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Recreating the gentle glow of antique mirrors

The craftsman who can make a new mirror look as good as old

Recreating the gentle glow of antique mirrors

August 29 2011
Lucia van der Post

Dominic Schuster is one of those names that insiders in the world of upmarket interior design have tucked away in their little black books. He’s mostly been known for doing high-quality restoration work. Should you have a Gustavian clock, an Italian neoclassical console table or a marquetry chest of drawers that isn’t quite what it was, then Schuster is your man. He’ll make them good as new. But recently he’s started a sideline in antiqued mirror.

Now, unless you’ve tried to find a genuine piece of old mirror – say, to fit into an old picture frame (as I once did) – you wouldn’t believe how difficult it is. And as for new mirror, well, the problem with that is that it does look awfully… new. Old mirrors look so much gentler and, since Schuster was primarily involved in restoring decorative antique pieces, he has developed techniques for imitating old paint, lacquer and mirror effects.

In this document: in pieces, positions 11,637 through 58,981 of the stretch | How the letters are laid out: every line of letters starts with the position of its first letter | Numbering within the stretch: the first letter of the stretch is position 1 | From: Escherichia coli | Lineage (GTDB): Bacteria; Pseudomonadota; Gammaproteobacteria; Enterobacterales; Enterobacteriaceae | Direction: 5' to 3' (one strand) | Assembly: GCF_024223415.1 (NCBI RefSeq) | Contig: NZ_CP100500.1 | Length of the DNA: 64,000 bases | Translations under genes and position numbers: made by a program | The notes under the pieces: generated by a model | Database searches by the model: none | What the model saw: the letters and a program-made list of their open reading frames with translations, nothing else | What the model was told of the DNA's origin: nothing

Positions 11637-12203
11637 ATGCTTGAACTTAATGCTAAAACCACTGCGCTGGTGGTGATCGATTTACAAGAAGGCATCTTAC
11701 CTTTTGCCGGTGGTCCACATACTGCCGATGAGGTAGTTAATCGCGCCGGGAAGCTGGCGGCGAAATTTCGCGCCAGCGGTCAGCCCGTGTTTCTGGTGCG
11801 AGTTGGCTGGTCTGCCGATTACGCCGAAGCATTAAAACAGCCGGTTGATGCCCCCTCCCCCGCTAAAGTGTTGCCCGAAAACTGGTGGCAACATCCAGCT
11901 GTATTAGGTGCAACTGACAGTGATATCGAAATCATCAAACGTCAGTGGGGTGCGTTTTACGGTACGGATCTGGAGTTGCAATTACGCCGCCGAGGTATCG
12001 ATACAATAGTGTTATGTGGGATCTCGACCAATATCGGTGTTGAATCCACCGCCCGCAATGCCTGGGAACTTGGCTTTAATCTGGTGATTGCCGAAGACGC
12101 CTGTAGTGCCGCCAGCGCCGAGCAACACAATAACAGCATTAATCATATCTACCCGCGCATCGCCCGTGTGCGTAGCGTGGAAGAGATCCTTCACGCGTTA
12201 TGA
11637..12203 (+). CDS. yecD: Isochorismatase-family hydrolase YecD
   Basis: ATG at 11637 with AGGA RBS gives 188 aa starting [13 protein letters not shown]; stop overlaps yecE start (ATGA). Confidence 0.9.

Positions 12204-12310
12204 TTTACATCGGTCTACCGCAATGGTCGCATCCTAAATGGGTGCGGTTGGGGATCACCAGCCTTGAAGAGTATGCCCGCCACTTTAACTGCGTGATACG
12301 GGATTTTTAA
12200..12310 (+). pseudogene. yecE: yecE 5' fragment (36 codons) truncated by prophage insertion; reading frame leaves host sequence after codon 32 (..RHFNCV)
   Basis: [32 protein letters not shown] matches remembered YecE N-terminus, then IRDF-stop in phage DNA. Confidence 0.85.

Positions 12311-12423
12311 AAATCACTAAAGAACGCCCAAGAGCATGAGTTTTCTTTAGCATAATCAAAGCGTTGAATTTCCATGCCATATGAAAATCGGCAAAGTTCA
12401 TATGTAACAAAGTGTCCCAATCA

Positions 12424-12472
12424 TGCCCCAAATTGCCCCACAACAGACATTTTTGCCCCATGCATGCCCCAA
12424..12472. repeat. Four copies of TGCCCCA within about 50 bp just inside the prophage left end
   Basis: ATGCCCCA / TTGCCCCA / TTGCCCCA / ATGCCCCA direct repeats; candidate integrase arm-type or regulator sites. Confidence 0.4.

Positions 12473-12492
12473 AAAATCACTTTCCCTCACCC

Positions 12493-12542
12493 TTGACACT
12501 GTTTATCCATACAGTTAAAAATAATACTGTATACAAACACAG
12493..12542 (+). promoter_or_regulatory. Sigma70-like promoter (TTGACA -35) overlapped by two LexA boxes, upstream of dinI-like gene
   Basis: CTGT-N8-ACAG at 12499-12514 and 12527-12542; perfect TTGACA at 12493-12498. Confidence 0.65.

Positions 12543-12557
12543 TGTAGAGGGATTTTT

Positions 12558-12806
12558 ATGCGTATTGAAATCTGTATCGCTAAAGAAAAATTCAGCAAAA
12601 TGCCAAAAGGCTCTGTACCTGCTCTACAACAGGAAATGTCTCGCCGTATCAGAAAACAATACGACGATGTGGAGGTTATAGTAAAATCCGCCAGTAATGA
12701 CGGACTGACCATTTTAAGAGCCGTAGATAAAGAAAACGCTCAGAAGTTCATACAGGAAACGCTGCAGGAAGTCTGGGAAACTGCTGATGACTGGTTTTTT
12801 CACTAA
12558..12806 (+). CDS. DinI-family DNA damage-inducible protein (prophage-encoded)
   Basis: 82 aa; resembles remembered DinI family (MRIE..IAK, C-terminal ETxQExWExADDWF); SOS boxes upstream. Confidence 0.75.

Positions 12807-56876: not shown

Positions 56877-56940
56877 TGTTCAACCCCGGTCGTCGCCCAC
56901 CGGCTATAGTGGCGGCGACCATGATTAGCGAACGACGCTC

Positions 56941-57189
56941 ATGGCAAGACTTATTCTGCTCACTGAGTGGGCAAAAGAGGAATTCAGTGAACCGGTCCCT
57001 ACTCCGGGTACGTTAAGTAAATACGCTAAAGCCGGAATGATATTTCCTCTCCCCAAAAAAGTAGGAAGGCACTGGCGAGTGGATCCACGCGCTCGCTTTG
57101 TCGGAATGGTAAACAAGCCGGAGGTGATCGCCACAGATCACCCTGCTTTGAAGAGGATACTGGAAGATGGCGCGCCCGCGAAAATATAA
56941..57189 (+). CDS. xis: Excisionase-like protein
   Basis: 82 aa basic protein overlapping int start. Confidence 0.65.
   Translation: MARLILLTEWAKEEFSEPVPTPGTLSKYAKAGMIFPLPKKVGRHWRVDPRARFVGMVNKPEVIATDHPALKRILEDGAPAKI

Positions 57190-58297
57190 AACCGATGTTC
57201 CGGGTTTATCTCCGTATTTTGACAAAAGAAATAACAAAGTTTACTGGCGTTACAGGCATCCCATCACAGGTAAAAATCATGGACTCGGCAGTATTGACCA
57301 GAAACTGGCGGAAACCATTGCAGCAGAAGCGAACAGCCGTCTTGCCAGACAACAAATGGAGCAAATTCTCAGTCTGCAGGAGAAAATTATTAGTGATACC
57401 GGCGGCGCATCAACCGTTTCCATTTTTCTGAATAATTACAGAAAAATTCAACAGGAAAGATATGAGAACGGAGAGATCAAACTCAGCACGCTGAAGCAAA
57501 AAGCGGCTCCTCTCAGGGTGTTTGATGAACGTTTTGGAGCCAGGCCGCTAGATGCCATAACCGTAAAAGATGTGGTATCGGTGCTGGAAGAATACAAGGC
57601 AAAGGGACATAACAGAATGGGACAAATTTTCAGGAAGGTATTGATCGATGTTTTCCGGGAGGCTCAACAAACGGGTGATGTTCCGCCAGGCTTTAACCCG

He offers antiqued mirror as a separate service or product, and can supply it in panels to be used on walls, or it can be incorporated into furniture designs or as clock faces. Or use it, as I intend to do, to turn an old picture frame into a charming mirror. New for Decorex 2011 (September 25-28; Royal Hospital Chelsea, London) will be coloured antique mirror glass.

Besides selling the antiqued mirror (£285-£365 per square metre, depending upon how elaborately antiqued it is; example pictured), Schuster also has some mixed-media art (from £373). These have a background of antiqued mirror and are mixed with architectural prints or fine-art photography. They can be seen and bought at his showroom in Wandsworth, which can be visited by appointment only.